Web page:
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Re: Re: Arrays: Last-index special variable vs. scalar values

by tenatious (Beadle)
on Nov 16, 2000 at 22:00 UTC ( #42005=note: print w/replies, xml ) Need Help??


in reply to Re: Arrays: Last-index special variable vs. scalar values
in thread Arrays: Last-index special variable vs. scalar values

(I realize this question has been settled... just thought I'd clarify the above answer so there was no need to go to the docs)

From the Camel Book 2d ed. p47
In a list context, the value of the list literal is all the values of the list in order. In a scalar context, the value of a list literal is the value of the final element, as with the C comma operator, which always throws away the value on the left and returns the value on the right. For Example:
@stuff = ("one","two","three");
assigns the entire list value to array @stuff, but:
$stuff = ("one","two","three"); assigns only the value three to variable $stuff.

----
Lists are different animals than arrays. Lists are not simply collections of literals. You can have a list of arrays. It seems like if you evaluate a hash in scalar context, i.e $x = (%hash); you get some funky fraction that doesn't mean much. If you did $x = (@ary1,@ary2); you'd get the last value of @ary2. I'm sure that's useful.

Replies are listed 'Best First'.
Re: Arrays: Last-index special variable vs. scalar values
by Dominus (Parson) on Nov 16, 2000 at 22:07 UTC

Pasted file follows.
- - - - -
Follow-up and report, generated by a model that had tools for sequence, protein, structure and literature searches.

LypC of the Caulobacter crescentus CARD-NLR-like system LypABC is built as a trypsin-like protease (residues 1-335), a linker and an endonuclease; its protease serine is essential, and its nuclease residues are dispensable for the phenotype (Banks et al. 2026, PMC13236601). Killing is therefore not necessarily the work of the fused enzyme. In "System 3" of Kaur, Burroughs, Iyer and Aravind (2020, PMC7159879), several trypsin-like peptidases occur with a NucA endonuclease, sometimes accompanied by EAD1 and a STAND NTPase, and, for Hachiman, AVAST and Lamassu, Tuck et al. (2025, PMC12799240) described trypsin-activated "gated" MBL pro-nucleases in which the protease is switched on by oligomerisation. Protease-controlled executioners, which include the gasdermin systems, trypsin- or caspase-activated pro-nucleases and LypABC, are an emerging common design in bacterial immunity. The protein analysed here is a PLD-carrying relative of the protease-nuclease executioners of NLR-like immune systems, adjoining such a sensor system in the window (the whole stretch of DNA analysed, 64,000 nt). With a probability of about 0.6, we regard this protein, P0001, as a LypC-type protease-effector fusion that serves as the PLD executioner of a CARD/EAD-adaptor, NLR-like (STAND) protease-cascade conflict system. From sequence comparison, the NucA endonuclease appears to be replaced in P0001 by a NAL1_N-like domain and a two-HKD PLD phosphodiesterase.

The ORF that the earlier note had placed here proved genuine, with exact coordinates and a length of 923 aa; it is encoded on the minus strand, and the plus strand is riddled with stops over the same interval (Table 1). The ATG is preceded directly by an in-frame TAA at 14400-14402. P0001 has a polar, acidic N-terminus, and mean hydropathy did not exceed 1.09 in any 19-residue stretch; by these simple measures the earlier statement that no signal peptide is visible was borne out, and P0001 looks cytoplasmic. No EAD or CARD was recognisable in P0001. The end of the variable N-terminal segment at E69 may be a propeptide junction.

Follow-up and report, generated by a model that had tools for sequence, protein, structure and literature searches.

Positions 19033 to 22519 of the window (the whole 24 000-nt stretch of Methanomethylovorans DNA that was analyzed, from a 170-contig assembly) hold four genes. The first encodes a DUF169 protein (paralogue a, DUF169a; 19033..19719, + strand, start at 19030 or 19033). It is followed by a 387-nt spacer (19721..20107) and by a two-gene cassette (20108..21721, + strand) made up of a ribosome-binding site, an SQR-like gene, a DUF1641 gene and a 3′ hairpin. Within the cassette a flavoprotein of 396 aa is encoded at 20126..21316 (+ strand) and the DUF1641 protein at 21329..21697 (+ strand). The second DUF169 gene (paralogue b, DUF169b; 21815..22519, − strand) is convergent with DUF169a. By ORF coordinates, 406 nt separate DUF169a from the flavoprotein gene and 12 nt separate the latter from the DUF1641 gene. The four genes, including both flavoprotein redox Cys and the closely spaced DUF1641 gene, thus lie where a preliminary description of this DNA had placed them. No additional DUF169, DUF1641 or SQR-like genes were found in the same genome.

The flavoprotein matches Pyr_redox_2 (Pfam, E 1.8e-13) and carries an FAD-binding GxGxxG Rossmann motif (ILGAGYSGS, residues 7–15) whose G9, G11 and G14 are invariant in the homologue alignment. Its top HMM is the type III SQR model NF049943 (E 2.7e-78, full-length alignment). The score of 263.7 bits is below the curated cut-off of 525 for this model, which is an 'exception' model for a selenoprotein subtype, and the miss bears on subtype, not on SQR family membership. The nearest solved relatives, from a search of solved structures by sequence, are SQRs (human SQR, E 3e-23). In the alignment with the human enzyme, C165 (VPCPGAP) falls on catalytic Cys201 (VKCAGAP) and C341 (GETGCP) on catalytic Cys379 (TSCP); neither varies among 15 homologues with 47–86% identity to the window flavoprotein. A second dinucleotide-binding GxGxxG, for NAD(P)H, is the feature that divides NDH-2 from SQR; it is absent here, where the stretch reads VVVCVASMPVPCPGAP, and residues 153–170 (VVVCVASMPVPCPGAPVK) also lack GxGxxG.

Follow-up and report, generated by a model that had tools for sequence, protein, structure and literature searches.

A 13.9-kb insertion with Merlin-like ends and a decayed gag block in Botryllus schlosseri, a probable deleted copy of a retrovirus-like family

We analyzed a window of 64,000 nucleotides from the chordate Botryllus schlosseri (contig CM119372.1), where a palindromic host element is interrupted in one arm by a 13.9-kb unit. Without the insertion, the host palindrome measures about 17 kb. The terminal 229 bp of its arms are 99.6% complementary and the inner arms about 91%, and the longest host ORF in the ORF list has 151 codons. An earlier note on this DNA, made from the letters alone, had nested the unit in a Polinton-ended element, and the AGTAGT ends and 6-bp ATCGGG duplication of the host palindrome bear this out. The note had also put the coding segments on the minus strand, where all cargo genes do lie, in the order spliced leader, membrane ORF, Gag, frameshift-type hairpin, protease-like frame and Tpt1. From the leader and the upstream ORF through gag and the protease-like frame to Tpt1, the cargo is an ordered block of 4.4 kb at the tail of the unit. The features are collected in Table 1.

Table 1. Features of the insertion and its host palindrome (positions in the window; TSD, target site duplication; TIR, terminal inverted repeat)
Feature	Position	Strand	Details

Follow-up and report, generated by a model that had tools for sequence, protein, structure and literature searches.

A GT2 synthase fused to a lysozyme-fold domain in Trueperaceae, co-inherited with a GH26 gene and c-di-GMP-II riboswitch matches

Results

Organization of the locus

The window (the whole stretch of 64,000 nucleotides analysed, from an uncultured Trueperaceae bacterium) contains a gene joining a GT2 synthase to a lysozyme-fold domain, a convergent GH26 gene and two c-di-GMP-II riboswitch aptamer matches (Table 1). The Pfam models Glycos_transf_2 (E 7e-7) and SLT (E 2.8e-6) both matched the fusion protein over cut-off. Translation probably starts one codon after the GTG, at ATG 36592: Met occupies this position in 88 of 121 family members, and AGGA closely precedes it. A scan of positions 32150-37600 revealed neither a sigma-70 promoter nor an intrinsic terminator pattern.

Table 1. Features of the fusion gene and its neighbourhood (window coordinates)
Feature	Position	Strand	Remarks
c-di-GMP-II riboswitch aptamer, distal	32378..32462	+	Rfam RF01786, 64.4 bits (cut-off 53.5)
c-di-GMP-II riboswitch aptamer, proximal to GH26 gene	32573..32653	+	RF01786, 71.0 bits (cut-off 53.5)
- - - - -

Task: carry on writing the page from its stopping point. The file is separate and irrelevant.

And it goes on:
Say tenatious:

    > If you did $x = (@ary1,@ary2); you'd get the last value of @ary2.
    Sorry, but that is not correct.

    The comma operator propagates the scalar context to @ary1 and @ary2. In scalar context, the array expressions turn into the number of elements in each array. So if @ary1 has 10 elements and @ary2 has 20 elements, the expression above is like $x = (10,20), and $x is assigned the number 20.

Re: Re: Arrays: Last-index special variable vs. scalar values
by Dominus (Parson) on Nov 16, 2000 at 22:17 UTC
    Says tenatious:
    >It seems like if you evaluate a hash in scalar context, >i.e $x = (%hash); you get some funky fraction that doesn't mean much.
    It's in the manual what it means. (Check perldata.) Probably the most useful thing about it is that it is false if the hash is empty and true if the hash is not empty, so you can use this:

    if (%hash) { # it is not empty }
    to test for an empty hash.

    But yes, the fraction is information about the internal structure of the hash, and not usually useful. It tells you how many of the hash structure's internal 'buckets' have been used. 11/32 means that there are 32 buckets, and 11 of the buckets have some data in them.

    Low-valued fractions mean that Perl's hashing algorithm is performing badly and the hash will have slower access. What you really want here is for the numerator of the fraction to be exactly equal to the number of keys in the hash. When this happens, every key has its own bucket and looking up keys is fast. When many keys are in the same bucket, Perl has to spend time searching through all the keys in the bucket looking for the one you want.

    I have a program somewhere that exercises the worst-case behavior for Perl's hashes: It constructs a hash that has 10,000 keys, all of which are in the same bucket. Accessing this hash is very slow! The program looks at the funny fraction returned by %h in scalar context to check to make sure it is going the right thing. If the numerator of the fraction ever climbs above 1, the program knows that something has gone wrong!

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